TH:AUJ SEE, Scene 7 "A Map, a Key and a Contract"

  • unspecified date: Thror tries to reclaim Moria and is killed by Azog; Thrain is captured

  • ~ 60 years before the events of TH: Smaug is last seen outside Erebor

[Thorin:] “Rumours have begun to spread. The dragon Smaug has not been seen for 60 years.”
TH:AUJ SEE, scene 7 "A Map, a Key and a Contract"

  • a Midsummer's Eve ~ 45 years before the events of TH: Gandalf meets a very young Bilbo

[Bilbo (voice-over):]
TH:AUJ SEE, scene 1 "Prologue"

  • somewhere in late Summer / early Autumn 2940 TA: Gandalf meets Thorin in Bree

(this is shown in the DOS prologue; "12 months later", as the subtitle says, we meet the dwarves in Beorn's territory)

The events of TH

(the Hobbit trilogy is really scarce in time references)

  • somewhere in April 2941 TA: Gandalf visits Bilbo; the unexpected party arrives at Bag End; Bilbo joins Thorin's company and leaves the Shire

no quotation for that, but TH:AUJ SEE BluRay menu has a background clip showing the interior of Bag End at the time of young Bilbo, and there is a wall calendar clearly showing the April page; in the movie, the month name can be seen in the lower left corner of this screenshot:
enter image description here TH:AUJ, source screencapped.net

  • Midsummer's Eve 2941 TA: Thorin's company is in Rivendell; Elrond reads the moon runes

[Elrond:] “Moon runes can only be read by the light of a moon of the same shape and season as the day on which they were written.”
[Thorin:] “Can you read them?”
[Elrond:] “These runes were written on a Midsummer’s Eve by the light of a crescent moon nearly two hundred years ago. It would seem you were meant to come to Rivendell. Fate is with you, Thorin Oakenshield; the same moon shines upon us tonight.”
TH:AUJ SEE, scene 19 "Moon Runes"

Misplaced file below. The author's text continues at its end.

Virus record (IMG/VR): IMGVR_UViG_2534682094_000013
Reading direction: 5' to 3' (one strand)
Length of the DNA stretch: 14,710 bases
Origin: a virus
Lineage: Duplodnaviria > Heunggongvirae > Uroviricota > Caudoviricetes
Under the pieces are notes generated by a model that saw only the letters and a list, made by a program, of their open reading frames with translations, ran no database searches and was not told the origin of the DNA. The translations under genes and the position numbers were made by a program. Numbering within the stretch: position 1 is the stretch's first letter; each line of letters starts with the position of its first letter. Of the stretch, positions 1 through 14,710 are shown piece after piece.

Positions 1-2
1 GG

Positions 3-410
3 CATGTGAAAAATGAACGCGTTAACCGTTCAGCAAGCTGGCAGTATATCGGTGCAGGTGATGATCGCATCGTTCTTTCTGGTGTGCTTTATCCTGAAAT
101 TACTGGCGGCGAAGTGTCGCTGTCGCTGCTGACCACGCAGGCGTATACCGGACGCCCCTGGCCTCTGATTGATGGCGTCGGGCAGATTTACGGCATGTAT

• penultimate day of Autumn 2941 TA: Thorin's company is in Esgaroth at Bard's house

[Thorin:] “Tomorrow begins the last days of autumn.”
[Balin:] “Durin’s Day falls morn after next. We must reach the mountain before then.”
TH:DOS SEE, scene 23 "The Home of Bars"

  • first day of Winter (Durin's Day) 2941 TA: Thorin's company (minus Kili, Fili, Oin and Bofur) leaves Esgaroth by boat in the morning; before midday they reach the ruins of Dale; finding of the secret door

[Bilbo:] “You do know we’re one short; where’s Bofur?”
[Thorin:] “If he’s not here, we leave him behind.”
[Balin:] “We have to, if we’re to find the door before nightfall. We can risk no more delays.”
TH:DOS SEE, scene 27 "The Parting of the Company"

[Bilbo:] “What is this place?”
[Balin:] “It was once the city of Dale. Now it is a ruin. The desolation of Smaug.”
[Thorin:] “The sun will soon reach midday; let’s find the hidden door into the mountain before it sets.
TH:DOS SEE, scene 28 "The Lonely Mountain"

  • a few days later (2 or 3, at a guess): Kili, Fili, Oin and Bofur arrive in Erebor

[Bilbo:] “I have tried talking to him, but he won’t listen.”
[Oin:] “What do you mean, laddie?”
[Bilbo:] “Thorin. He’s been out there for days. He doesn’t sleep. He barely eats. He’s not been himself - not at all. It’s this - It’s this place. I think a sickness lies on it.”

  • 22 June 2942 TA: Bilbo is back at Bag End

enter image description here TH:BOTFA, source screencapped.net


  • I'm working on the list of time references in the LOTR movies, I will update the answer when finished (provided this answer is considered useful)
    – lfurini
    Apr 10, 2015 at 14:12

There's no official full timeline that I'm aware of, but we can work a few things out.